How to Boot In Safe Mode in Windows 10

By | March 8, 2022

If you’ve ever tried to troubleshoot your own computer, you’ve likely come across Safe Mode. Safe Mode is a built-in troubleshooting feature that disables unnecessary drivers and programs during the startup process. This allows us to isolate any settings or system errors and fix them on root, without interfering with non-essential apps.

In this article, how to enter safe mode windows 10

System Configuration

You can reach the System Configuration screen using Cortana search. Typing msconfig or system configuration and pressing Enter will open the System Configuration pane. Go to Boot, and pay attention to Boot Options. Selecting Safe Boot from the options will force your system to boot into Safe Mode after the next restart.

You can choose from additional options.

  • Minimal: Starts Safe Mode with the absolute minimum number of drivers and services, but with the standard Windows GUI (Graphical User Interface).
  • Alternate Shell: Start Safe Mode with Command Prompt, no Windows GUI. Requires knowledge of advanced text commands, as well as navigating the operating system without a mouse.
  • Active Directory Repair: Starts Safe Mode with access to machine-specific information, such as hardware model. If we fail to install new hardware, corrupt Active Directory, Safe Mode can be used to restore system stability by repairing corrupted data, or adding new data to the directory.
  • Networking: Starts Safe Mode with the necessary services and drivers for networking, with the standard Windows GUI.

Select Minimal, followed by Apply, and OK. System Configuration will now ask if you want to restart your system. Selecting Restart will immediately start the restart process, so be sure to save the active document or project.

Tapping (Tapping)

The most common method to reach Safe Mode is by tapping F8. This brings up the Safe Mode option during startup, allowing us to select the operating mode. However, to speed up the boot process, Windows 10 has disabled F8 Safe Mode. You can sacrifice a few seconds during startup by activating the F8 menu using the Command Prompt.

Start by opening an elevated Command Prompt. Right-click the Start menu and select Command Prompt (Admin). Select Yes in the User Account Control dialog, if it appears. Command Prompt should now open.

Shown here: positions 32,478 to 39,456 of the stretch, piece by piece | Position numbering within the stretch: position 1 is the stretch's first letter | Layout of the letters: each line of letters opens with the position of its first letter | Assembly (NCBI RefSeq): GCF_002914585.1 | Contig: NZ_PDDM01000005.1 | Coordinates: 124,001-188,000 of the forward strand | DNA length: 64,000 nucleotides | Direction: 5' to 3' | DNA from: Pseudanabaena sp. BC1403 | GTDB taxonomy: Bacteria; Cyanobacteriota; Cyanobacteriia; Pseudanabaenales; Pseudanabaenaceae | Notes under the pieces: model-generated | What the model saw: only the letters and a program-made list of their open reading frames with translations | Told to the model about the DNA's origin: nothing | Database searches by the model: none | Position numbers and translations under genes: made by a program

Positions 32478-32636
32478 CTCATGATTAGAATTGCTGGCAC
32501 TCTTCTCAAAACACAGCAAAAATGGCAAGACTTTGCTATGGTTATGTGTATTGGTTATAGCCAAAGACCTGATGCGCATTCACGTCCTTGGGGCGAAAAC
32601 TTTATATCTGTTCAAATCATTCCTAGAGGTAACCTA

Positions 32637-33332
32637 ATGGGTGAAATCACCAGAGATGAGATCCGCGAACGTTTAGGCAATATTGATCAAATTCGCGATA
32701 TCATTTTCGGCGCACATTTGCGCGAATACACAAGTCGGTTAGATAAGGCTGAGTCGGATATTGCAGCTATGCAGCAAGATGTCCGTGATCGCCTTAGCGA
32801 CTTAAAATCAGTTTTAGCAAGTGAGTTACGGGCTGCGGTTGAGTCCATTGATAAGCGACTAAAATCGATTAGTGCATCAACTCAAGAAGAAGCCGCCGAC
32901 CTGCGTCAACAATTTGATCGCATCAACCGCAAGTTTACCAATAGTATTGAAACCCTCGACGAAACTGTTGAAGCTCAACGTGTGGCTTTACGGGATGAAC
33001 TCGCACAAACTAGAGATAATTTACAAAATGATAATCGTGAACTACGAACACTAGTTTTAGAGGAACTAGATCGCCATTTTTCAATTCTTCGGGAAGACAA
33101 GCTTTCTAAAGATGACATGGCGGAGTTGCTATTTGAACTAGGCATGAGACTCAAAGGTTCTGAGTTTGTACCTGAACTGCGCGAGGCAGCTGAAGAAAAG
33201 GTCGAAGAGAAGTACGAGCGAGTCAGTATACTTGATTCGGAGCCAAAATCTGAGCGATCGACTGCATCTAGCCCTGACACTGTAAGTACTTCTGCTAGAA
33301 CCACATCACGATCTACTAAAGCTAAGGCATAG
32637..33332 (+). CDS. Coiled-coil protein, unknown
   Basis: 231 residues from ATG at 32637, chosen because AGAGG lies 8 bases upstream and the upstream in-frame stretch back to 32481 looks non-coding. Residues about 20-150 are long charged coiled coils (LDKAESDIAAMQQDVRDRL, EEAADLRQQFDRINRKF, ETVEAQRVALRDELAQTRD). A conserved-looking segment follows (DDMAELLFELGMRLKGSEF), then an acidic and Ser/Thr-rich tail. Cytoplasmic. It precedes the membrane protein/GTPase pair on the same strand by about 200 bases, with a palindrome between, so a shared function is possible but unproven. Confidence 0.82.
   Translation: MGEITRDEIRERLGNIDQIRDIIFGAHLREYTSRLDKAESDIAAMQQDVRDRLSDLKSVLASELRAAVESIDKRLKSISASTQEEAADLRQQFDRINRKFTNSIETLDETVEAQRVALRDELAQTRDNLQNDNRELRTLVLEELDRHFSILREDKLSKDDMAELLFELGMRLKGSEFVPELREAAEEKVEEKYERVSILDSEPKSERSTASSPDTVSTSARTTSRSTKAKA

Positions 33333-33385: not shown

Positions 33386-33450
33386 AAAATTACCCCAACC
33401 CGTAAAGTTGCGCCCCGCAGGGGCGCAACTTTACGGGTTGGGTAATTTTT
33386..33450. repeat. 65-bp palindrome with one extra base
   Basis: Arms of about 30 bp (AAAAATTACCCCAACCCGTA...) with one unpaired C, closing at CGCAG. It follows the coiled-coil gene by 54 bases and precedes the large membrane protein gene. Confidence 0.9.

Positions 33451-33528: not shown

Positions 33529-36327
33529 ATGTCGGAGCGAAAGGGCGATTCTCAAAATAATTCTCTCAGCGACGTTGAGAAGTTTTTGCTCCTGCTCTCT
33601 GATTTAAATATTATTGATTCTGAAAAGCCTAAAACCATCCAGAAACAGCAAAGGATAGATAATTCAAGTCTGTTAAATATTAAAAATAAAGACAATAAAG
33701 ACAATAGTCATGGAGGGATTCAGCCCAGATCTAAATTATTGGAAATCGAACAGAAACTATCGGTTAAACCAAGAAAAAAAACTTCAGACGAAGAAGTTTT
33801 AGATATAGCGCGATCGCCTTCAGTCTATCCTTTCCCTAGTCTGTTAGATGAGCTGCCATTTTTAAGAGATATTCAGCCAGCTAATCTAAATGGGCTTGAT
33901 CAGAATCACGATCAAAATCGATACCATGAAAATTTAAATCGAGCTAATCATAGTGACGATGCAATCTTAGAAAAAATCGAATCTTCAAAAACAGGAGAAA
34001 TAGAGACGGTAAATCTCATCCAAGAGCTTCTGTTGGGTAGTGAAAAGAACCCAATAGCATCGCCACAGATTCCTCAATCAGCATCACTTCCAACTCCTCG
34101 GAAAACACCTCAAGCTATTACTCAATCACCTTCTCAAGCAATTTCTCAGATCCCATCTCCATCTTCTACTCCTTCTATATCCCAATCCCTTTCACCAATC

Type (or copy/paste) the following command:

bcdedit /set {default} bootmenupolicy legacy

And press Enter. Completed work

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To cancel this legacy command at any time, reopen an elevated Command Prompt according to the instructions above and type:

bcdedit / set {default} default bootmenupolicy

This restores the startup to its original state, so to reach Safe Mode you will have to use one of the alternative options in this article.

Advanced Startup

For our next trick: Advanced Startup. Calm down my friend. It’s not very sophisticated, but very useful to know.

Open the Settings menu and head to Update & Security > Recovery > Advanced Startup. Clicking Restart Now will restart your system in recovery mode, where you will find three options: Continue, Troubleshoot, or Shut Down your PC. Select Troubleshoot > Advanced Options. You will now have a new set of options, such as:

Click Startup Settings, followed by Restart. Your system will now restart. On reboot, you will meet the Startup Settings screen. From here you can select the required function.


You can skip the rather lengthy clicking process by holding down Shift and clicking Restart under Power, found in the Windows 10 Start Menu. This reboot will take you straight to the Recovery options, where you can select Troubleshoot > Advanced Options > Startup Settings.

If Nothing Works

Even if none of the above works, you still have two aces up your sleeve.

If you installed Windows 10 via disc or USB, you can boot directly into recovery mode by inserting the disc/USB before turning on your system. Select your keyboard layout, followed by Repair Your Computer, at the bottom left of the screen. From here, you can head to Troubleshoot > Advanced Options where you will find System Restore, System Image Restore, Startup Repair, Command Prompt, and Back to Previous Build.

For System Image Restore to work, you must create an image before your system error, something we recommend you do. You can create a System Image by typing Recovery into the search bar and selecting Recovery: Control Panel. You will now be in Advanced Recovery Tools. Select Create a Recovery Drive, and follow the steps.

System Repair Disc

Another useful tool at your disposal is the System Repair Disc. Unlike System Image, it’s not machine specific, so you can get it through a friend if things are really pear-shaped.

If you want to prepare for that inevitable moment, right-click the Start Menu icon and select Control Panel from the list. Go to System Security > Backup and Restore (Windows 7). Don’t let the Windows 7 tag put you off: you’re at the right place. Select Create a System Repair Disc from the left column, and follow the instructions.

You should now feel very comfortable booting Windows 10 into Safe Mode, using one of the three methods outlined above. Be sure to take note of the last section on System Image Restore and System Repair Disk, remembering the former only works if you have set a recovery location

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